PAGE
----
# content zero

• Jul 30th 2010, 02:10 PM
Danneedshelp
content zero
Let $\displaystyle f$ be bounded on $\displaystyle [a,b]$. Show that if the set of discontinuous points of $\displaystyle f$ has content zero, then $\displaystyle f$ is integrable.

I am trying do a second semester analysis self study and I am pretty stuck on a few major concepts of integration. I would appriciate some help with this one. If any thing, I just need a place to get started.

Here is what I have set up so far. I am given:

$\displaystyle D=\{d_{1}, d_{2},...,d_{N}\}$ has content zero and $\displaystyle f$ is bounded on $\displaystyle [a,b]$. Thus, $\displaystyle D\subseteq\bigcup_{n=1}^{N}O_{n}$ and $\displaystyle \sum_{n=1}^{N}|O_{n}|\leq\epsilon$ (where, $\displaystyle O_{n}$ represents open sets). Moreover, there exists an $\displaystyle M>0$ satistying $\displaystyle |f(x)|\leq\\M$ for all $\displaystyle x\in[a,b]$.

My goal is to show there exists a partition $\displaystyle P_{\epsilopn}$ such that $\displaystyle U(f,P_{\epsilopn})-L(f,P_{\epsilopn})<\epsilon$ for any choice of
$\displaystyle \epsilon>0$.

Since the goal begins with a universal quantifier I let $\displaystyle \epsilon>0$ be arbitrary. Now, I need to show the existance of such a partition.

As you can see I do not have much. I am not sure how to get started.

Q1: Does the set of open intervals whos union contain the set D have to be nested?
Q2: Can I assume $\displaystyle [a,b]$ is compact to create a finite subcover and use that somehow?

Thanks
• Jul 30th 2010, 02:38 PM
TheEmptySet
If I am reading this correctly the set D has only a finite number of elements in it. So try a easier problem first. What if f is bounded and is only discontinuous at one point c in [a,b]. How could you create a partition that that would show f is integrable. If you can solve this problem it will generalize to any finite set of points of discontinuity.

Hint: squeeze the one point of discontinuity into a set of length $\displaystyle \frac{\epsilon}{2M}$ then the function is continuous on $\displaystyle [a,c-\frac{\epsilon}{4M}]$ and $\displaystyle [c+\frac{\epsilon}{4M},b]$
• Jul 30th 2010, 03:29 PM
Plato
The concept of content is a bit dated.
If you are using the text material by T.H. Hildebrand then a subset $\displaystyle E\subseteq [a,b]$ has content if and only if its characteristic function $\displaystyle \chi_E$ is Riemann integrable on $\displaystyle [a,b]$.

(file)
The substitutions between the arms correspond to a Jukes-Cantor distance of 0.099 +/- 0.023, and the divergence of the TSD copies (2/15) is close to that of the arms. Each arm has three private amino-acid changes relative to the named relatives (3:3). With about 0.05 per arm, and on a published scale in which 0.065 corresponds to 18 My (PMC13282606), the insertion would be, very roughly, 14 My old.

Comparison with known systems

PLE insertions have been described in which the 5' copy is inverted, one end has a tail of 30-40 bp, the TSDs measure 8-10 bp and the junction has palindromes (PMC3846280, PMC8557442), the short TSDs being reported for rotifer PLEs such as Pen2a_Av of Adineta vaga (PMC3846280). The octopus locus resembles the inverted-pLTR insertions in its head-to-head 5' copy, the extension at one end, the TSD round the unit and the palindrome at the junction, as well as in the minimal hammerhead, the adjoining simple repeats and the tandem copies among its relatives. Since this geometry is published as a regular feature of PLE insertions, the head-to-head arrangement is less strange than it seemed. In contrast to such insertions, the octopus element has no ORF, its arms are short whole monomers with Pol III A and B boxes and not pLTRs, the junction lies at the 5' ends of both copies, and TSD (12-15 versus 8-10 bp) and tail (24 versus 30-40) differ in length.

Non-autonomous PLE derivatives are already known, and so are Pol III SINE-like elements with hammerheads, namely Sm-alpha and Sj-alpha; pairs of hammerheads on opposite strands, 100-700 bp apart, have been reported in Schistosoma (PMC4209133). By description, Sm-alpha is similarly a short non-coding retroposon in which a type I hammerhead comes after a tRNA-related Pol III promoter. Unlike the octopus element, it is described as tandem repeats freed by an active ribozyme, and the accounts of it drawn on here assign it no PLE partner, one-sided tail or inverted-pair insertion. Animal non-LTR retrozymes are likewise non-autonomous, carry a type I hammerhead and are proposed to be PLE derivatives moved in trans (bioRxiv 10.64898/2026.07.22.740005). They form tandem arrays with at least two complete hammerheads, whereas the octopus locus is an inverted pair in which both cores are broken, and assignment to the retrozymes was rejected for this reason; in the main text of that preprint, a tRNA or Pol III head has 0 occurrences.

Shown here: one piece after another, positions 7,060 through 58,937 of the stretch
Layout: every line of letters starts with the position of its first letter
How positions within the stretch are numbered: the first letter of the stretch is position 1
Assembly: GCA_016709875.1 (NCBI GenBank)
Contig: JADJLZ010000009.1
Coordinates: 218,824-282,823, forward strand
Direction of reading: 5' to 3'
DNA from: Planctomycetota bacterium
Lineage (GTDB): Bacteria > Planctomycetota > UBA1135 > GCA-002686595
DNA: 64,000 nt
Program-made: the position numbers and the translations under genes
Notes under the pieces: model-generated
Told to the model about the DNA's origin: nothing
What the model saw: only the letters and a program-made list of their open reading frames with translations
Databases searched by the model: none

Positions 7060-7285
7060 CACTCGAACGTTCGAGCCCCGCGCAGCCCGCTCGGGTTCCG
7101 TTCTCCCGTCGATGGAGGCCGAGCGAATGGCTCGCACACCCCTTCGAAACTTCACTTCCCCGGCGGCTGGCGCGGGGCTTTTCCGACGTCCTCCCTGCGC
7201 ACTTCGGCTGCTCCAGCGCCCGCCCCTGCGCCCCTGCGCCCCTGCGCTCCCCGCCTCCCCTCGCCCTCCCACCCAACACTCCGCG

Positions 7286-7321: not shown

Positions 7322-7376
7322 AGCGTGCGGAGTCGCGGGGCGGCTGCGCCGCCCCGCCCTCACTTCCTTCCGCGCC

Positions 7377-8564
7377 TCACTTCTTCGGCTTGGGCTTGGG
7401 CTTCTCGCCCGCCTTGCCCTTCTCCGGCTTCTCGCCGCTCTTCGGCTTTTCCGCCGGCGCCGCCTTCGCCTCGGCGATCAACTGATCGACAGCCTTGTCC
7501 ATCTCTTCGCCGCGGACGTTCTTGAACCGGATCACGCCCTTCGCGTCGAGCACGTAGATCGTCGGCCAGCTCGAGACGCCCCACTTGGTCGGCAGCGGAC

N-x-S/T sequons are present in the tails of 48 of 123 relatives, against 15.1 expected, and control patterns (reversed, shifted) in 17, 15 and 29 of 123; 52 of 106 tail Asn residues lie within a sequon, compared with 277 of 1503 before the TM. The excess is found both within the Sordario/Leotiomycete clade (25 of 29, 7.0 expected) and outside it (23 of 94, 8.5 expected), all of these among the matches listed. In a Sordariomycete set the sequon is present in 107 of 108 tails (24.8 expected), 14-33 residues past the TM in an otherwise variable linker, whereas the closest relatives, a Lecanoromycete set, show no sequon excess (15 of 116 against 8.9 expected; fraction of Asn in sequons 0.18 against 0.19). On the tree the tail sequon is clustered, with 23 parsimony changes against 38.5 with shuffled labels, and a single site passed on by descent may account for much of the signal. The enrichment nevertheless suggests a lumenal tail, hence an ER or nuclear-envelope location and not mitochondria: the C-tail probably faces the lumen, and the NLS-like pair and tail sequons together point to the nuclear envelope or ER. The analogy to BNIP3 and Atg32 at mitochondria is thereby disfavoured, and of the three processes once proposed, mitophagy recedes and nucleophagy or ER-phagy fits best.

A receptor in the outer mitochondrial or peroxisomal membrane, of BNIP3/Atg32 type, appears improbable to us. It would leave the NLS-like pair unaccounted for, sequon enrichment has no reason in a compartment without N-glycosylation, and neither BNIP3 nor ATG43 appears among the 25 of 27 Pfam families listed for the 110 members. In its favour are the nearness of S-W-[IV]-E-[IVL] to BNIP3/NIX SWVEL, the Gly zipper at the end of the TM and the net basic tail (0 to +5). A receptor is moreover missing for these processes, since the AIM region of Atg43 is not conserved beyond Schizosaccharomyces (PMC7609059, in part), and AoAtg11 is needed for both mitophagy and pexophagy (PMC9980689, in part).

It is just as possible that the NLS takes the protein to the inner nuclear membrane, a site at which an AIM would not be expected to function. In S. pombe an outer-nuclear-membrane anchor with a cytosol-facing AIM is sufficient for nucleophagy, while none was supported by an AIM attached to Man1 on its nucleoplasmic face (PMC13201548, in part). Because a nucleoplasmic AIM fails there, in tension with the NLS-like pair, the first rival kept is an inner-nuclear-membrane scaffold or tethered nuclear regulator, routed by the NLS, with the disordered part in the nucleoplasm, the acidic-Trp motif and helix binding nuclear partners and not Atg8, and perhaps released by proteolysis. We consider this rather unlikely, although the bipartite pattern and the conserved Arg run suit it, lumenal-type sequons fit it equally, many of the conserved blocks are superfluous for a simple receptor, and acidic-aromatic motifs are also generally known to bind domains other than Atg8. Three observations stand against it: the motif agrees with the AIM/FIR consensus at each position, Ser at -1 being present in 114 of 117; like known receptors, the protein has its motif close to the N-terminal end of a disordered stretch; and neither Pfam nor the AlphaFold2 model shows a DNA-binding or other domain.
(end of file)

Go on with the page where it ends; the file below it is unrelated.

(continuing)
That seems to be consistent with your notation. If so how can you use that?

If that is not the definition of content you have, what textbook are you following?
• Jul 30th 2010, 04:04 PM
Danneedshelp
Quote:

Originally Posted by TheEmptySet
If I am reading this correctly the set D has only a finite number of elements in it. So try a easier problem first. What if f is bounded and is only discontinuous at one point c in [a,b]. How could you create a partition that that would show f is integrable. If you can solve this problem it will generalize to any finite set of points of discontinuity.

Hint: squeeze the one point of discontinuity into a set of length $\displaystyle \frac{\epsilon}{2M}$ then the function is continuous on $\displaystyle [a,c-\frac{\epsilon}{4M}]$ and $\displaystyle [c+\frac{\epsilon}{4M},b]$

Well, I would want to construct a partition that minimizes the effect of the discontinuity at $\displaystyle c$ by embedding $\displaystyle c$ in a very small subinterval.

Quote:

Originally Posted by Plato
The concept of content is a bit dated.
If you are using the text material by T.H. Hildebrand then a subset $\displaystyle E\subseteq [a,b]$ has content if and only if its characteristic function $\displaystyle \chi_E$ is Riemann integrable on $\displaystyle [a,b]$.
That seems to be consistent with your notation. If so how can you use that?

If that is not the definition of content you have, what textbook are you following?

I am using the book "Understanding Analysis" by Stephen Abbott. The book is current; the problem I posted is in a section called "integration functions with discontinuities".

I have found very little on the subject in my google searchers. In the next section, "measure zero" is brought up and the only difference I can tell is that "measure zero" handles the infinitely countable case.
• Jul 30th 2010, 04:55 PM
Plato
Quote:

Originally Posted by Danneedshelp
Well, I would want to construct a partition that minimizes the effect of the discontinuity at $\displaystyle c$ by embedding $\displaystyle c$ in a very small subinterval.

I am using the book "Understanding Analysis" by Stephen Abbott. The book is current; the problem I posted is in a section called "integration functions with discontinuities".

I have found very little on the subject in my google searchers. In the next section, "measure zero" is brought up and the only difference I can tell is that "measure zero" handles the infinitely countable case.

I do not know Abbots' text book.
I your have reasonable university library access you may want to find Hildebrandt's book or a book by S K Breberian.
• Jul 30th 2010, 08:14 PM
Jose27
A set $\displaystyle X\subset \mathbb{R}$ has content zero iff for every $\displaystyle \varepsilon >0$ there exist $\displaystyle (I_k)_{k=1}^{n}$ intervals with $\displaystyle X \subset \cup I_k$ and $\displaystyle \sum m(I_k) < \varepsilon$.

So in your problem, given $\displaystyle \varepsilon >0$ just use an argument completely analogous to that where you have a finite number of discontinuities.